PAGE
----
This section is from the book "Modern Shop Practice", by Howard Monroe Raymond. Also available from Amazon: Modern Shop Practice.

Evidently it is practically impossible to make so thin a rim that it will collapse under the pull of a belt. As far as the theory of the rim is concerned, its proportion probably depends more upon the calculation for centrifugal force than upon anything else.

In order to separate this action from that of any other forces, let us suppose that the rim is entirely free from the arms and hub, and is rotating about its center. Every particle, by centrifugal force, tends to fly radially outward from the center. This condition is represented in Fig. 19. The tendency with which one-half of the rim tends to fly apart from the other is indicated by the force C1; and the relation between C1 and the small radial force c for each unit-length of rim can readily be found from the principles of mechanics. The case is exactly like that of a boiler or a thin pipe subjected to uniform internal pressure, which, if carried to rupture, would split the rim along a longitudinal seam.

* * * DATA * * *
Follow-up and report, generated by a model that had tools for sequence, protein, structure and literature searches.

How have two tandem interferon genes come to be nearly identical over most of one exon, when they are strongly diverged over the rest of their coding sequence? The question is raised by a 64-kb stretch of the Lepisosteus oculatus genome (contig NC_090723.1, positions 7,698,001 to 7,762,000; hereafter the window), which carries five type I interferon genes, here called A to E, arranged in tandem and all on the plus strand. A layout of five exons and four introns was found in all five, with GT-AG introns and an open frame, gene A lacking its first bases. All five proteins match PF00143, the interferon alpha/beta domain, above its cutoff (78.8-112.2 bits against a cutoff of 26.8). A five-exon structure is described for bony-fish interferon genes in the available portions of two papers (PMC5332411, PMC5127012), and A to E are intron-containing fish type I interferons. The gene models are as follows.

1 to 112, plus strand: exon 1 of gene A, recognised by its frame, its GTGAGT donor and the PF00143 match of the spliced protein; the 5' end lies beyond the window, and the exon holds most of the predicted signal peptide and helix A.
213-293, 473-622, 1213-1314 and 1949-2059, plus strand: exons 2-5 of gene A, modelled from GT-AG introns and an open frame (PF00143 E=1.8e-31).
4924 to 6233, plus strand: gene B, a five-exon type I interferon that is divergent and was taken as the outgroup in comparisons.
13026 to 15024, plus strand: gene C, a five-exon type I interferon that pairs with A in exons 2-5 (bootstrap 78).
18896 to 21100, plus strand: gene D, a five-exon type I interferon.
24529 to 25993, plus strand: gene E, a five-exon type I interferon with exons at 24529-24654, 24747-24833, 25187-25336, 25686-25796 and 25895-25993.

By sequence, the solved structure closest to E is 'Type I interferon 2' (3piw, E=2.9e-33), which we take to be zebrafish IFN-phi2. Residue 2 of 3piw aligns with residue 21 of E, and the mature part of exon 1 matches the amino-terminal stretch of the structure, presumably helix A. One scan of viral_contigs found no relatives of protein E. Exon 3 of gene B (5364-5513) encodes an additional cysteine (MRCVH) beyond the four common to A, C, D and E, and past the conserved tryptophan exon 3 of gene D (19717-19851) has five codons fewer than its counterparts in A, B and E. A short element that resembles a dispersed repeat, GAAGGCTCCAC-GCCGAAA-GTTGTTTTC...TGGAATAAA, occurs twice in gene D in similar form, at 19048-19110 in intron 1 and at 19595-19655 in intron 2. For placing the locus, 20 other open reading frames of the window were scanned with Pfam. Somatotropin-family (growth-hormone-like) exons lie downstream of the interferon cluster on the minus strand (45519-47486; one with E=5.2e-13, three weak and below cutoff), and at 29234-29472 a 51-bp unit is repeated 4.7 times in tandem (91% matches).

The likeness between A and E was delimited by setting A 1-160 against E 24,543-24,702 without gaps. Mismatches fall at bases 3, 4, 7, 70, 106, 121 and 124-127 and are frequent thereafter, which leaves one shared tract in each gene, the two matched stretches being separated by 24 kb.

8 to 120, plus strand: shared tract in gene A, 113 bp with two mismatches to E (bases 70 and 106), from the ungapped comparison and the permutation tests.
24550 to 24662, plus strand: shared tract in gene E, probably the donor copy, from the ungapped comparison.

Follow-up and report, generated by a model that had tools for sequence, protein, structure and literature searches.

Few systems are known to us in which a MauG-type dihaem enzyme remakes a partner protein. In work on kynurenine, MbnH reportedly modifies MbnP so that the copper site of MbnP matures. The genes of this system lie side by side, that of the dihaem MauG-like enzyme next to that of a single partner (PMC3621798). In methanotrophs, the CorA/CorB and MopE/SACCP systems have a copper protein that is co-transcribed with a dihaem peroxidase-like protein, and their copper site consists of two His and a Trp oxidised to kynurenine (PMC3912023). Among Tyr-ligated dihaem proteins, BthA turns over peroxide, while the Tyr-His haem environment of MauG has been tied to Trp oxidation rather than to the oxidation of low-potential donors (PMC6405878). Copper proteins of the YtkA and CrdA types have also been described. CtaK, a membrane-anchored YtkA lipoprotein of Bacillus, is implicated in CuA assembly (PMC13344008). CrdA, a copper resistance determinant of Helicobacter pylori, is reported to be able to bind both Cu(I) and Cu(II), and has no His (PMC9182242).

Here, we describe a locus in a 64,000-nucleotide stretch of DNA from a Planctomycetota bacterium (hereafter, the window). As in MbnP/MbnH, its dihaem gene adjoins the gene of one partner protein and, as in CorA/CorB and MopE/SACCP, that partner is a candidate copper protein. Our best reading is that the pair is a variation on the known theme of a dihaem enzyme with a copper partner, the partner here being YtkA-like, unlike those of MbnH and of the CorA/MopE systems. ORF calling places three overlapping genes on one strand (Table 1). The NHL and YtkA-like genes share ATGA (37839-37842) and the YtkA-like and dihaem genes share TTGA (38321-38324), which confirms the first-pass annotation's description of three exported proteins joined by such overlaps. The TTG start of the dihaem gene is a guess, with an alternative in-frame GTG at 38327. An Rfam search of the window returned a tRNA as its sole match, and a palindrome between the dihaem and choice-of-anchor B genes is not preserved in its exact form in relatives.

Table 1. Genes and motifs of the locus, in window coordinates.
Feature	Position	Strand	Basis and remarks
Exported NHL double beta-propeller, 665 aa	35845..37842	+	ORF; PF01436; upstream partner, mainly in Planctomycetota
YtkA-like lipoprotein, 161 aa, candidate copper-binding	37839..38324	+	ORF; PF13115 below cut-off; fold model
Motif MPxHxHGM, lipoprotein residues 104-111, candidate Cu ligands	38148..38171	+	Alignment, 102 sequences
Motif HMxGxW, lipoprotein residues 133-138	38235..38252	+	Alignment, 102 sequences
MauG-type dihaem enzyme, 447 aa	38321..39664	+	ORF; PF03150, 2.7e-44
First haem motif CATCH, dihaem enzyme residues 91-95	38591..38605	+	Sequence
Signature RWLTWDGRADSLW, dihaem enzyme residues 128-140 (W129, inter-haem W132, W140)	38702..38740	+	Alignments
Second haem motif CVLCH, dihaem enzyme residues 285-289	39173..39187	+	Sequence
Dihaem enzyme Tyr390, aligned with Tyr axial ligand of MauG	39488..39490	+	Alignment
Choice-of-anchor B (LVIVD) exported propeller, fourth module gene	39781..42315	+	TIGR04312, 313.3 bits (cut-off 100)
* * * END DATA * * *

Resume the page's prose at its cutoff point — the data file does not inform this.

Fig. 19.

Fig. 20.

The tensile stress thus induced per square inch can be found by simple mechanics to be:

P = 12 w v2 / g ; (17) or, since w = 0.20 pound, and g = 32.2 feet per second, p = 0.097 v2 ( say v2 /10) ; (l8) and, if p be taken equal to 1,000 pounds per square inch, which is as high as it is safe to work cast iron in this place, v = 100 feet per second. (19)

This shows the curious fact that the intensity of stress in the rim is directly proportional to the square of the linear velocity, and wholly independent of the area of cross-section. It is also to be noted that 100 feet per second is about the limit of speed for cast-iron pulleys to be safe against bursting.

If we wish to consider theoretically the rim together with the arms as actually connected to it, we get a much more complicated relation. This condition is shown in Fig. 20, where the rim, expanding more than the arms, bulges out between them. This makes the rim act something like a continuous beam uniformly loaded; but even then the resulting stress is not clearly defined on account of the variable stretch in the arms. Investigation on this basis is not needed further than to note that it is theoretically better, in the case of a split pulley, to make the joint close to the arms, rather .than in the middle of a span.

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